Japan's Recovery Six Months after the Earthquake, Tsunami and Nuclear Crisis
In the aftermath of the earthquake, tsunami and nuclear crisis that struck northeast Japan on March 11, Japan has faced multiple challenges and crises. As Japan has begun major reconstruction efforts in the affected areas, worked to regain control of damaged nuclear power plants, and carried out large-scale humanitarian relief efforts, the rest of the nation has steadily returned to normal life. Although the effects of the disaster will undoubtedly be felt for some time to come, Japan’s efforts to return to normal mark a major step toward recovery.
On September 9, the Center for Northeast Asian Policy Studies at Brookings hosted Ambassador Ichiro Fujisaki for a keynote address on Japan’s recovery and progress over the six months since the triple disaster, highlighting that Japan is indeed open for business and travel. Ambassador Fujisaki also touched on how the administration of new Prime Minister Yoshihiko Noda will approach the multi-faceted challenges of reconstruction.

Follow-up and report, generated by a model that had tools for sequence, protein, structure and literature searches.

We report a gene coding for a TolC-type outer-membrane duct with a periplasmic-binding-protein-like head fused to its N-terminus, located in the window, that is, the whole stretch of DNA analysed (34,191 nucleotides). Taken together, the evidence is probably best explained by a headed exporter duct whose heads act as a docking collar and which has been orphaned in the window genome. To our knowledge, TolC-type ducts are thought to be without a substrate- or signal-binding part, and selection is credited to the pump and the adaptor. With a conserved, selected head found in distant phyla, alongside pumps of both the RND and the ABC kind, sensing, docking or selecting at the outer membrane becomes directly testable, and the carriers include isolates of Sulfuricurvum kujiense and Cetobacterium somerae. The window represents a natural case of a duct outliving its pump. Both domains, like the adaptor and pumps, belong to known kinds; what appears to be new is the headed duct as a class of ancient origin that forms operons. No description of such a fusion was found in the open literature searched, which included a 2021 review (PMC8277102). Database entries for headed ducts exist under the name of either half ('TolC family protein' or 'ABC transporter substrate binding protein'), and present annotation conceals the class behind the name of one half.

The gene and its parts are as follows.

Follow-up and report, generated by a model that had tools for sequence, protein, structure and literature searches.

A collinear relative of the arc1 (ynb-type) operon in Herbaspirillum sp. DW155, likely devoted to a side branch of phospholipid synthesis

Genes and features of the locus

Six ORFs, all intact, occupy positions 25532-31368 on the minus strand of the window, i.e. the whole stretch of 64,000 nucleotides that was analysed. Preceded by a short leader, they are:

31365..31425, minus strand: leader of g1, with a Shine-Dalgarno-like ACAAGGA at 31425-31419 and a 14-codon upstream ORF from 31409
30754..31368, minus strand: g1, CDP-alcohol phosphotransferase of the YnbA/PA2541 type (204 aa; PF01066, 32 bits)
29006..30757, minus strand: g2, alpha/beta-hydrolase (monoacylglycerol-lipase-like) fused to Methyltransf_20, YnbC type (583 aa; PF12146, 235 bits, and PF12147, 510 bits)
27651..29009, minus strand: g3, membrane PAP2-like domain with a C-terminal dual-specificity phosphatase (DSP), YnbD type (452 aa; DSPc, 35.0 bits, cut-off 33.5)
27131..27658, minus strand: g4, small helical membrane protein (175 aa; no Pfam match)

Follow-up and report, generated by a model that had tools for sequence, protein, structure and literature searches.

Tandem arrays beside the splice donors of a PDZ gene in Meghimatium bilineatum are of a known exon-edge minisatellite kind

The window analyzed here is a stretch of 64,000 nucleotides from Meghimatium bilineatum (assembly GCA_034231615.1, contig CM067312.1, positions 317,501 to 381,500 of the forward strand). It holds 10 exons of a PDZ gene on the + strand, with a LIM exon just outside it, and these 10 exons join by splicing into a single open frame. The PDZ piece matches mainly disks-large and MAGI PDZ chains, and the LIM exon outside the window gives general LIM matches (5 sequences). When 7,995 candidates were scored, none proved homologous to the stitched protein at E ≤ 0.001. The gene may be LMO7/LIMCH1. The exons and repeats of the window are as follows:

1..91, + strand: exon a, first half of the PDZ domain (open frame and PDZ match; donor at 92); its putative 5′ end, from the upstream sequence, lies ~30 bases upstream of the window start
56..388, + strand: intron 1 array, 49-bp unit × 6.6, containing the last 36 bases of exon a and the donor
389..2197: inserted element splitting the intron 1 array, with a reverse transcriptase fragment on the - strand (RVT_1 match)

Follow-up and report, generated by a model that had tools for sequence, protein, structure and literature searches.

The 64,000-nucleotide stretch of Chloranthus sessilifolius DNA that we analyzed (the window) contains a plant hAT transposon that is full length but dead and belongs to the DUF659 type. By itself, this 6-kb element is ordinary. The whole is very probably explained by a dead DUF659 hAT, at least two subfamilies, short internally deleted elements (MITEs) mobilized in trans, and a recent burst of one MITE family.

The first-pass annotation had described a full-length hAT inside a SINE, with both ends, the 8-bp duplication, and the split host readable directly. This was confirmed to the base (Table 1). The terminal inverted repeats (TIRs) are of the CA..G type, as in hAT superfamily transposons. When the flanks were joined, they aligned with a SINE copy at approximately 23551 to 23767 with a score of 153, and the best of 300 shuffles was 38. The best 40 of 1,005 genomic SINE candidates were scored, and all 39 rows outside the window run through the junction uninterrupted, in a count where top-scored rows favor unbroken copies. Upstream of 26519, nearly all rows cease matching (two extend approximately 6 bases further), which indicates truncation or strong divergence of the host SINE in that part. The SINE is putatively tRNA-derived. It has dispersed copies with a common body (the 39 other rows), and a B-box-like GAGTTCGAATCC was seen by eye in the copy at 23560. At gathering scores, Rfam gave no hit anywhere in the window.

After the program, Ambassador Fujisaki took audience questions.
“The 21st century has revalued these small geographies. That’s what the 21st century demands,” Katz said, noting that these days, “[w]e aren’t innovating in isolated business parks” in the suburbs.